Seed companies working for smallholder farmers are including capacity building activities in their business models. Often these services are provided in cooperation with farmers’ organizations and NGO’s and sometimes they are funded by government programs. As one company stated during the data collection for the first Access to Seeds Index: ‘If you want to introduce new technologies and build a sustainable customer base for the future, this is the logical first step’.
Although providing training for farmers – also called ‘extension services’ – is typically seen as a public-sector responsibility, in many countries these services lack reach and quality. This is why companies step in. Almost three quarters of the companies assessed for the first Access to Seeds Index reported some form of involvement in capacity building.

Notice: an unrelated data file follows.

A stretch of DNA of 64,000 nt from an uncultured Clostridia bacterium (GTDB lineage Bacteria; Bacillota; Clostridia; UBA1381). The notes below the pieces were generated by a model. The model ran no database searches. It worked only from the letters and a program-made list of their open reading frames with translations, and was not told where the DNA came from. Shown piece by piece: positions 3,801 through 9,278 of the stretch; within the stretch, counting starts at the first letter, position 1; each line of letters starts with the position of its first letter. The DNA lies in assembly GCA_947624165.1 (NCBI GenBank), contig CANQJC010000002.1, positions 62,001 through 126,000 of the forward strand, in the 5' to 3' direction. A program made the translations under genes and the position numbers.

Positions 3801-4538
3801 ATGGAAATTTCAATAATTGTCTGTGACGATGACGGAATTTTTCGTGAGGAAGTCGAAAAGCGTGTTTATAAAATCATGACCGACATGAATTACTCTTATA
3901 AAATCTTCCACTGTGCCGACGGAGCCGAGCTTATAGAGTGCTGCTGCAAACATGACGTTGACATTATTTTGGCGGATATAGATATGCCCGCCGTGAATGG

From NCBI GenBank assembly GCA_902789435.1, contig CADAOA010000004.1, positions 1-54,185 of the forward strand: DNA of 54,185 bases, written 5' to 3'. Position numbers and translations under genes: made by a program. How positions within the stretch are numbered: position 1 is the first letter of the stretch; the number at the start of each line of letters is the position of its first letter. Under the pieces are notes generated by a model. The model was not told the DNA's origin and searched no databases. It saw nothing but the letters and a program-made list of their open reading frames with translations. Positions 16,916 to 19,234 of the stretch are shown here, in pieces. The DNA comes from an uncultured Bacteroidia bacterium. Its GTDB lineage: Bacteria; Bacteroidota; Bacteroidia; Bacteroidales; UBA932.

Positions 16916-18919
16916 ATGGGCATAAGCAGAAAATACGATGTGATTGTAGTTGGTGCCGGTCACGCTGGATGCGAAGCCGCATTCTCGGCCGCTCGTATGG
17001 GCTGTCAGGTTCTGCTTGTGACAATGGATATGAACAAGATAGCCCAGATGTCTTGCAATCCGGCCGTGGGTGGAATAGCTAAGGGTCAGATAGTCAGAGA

Private sector involvement in capacity building seems to focus on selected countries. Most activities are found in East Africa, namely Ethiopia, Kenya and Tanzania. There is also an emphasis in India. Although trainings by companies can be a welcome addition to government programs, this limited reach also indicates that private sector involvement cannot replace the responsibility of governments and activities by civil society actors.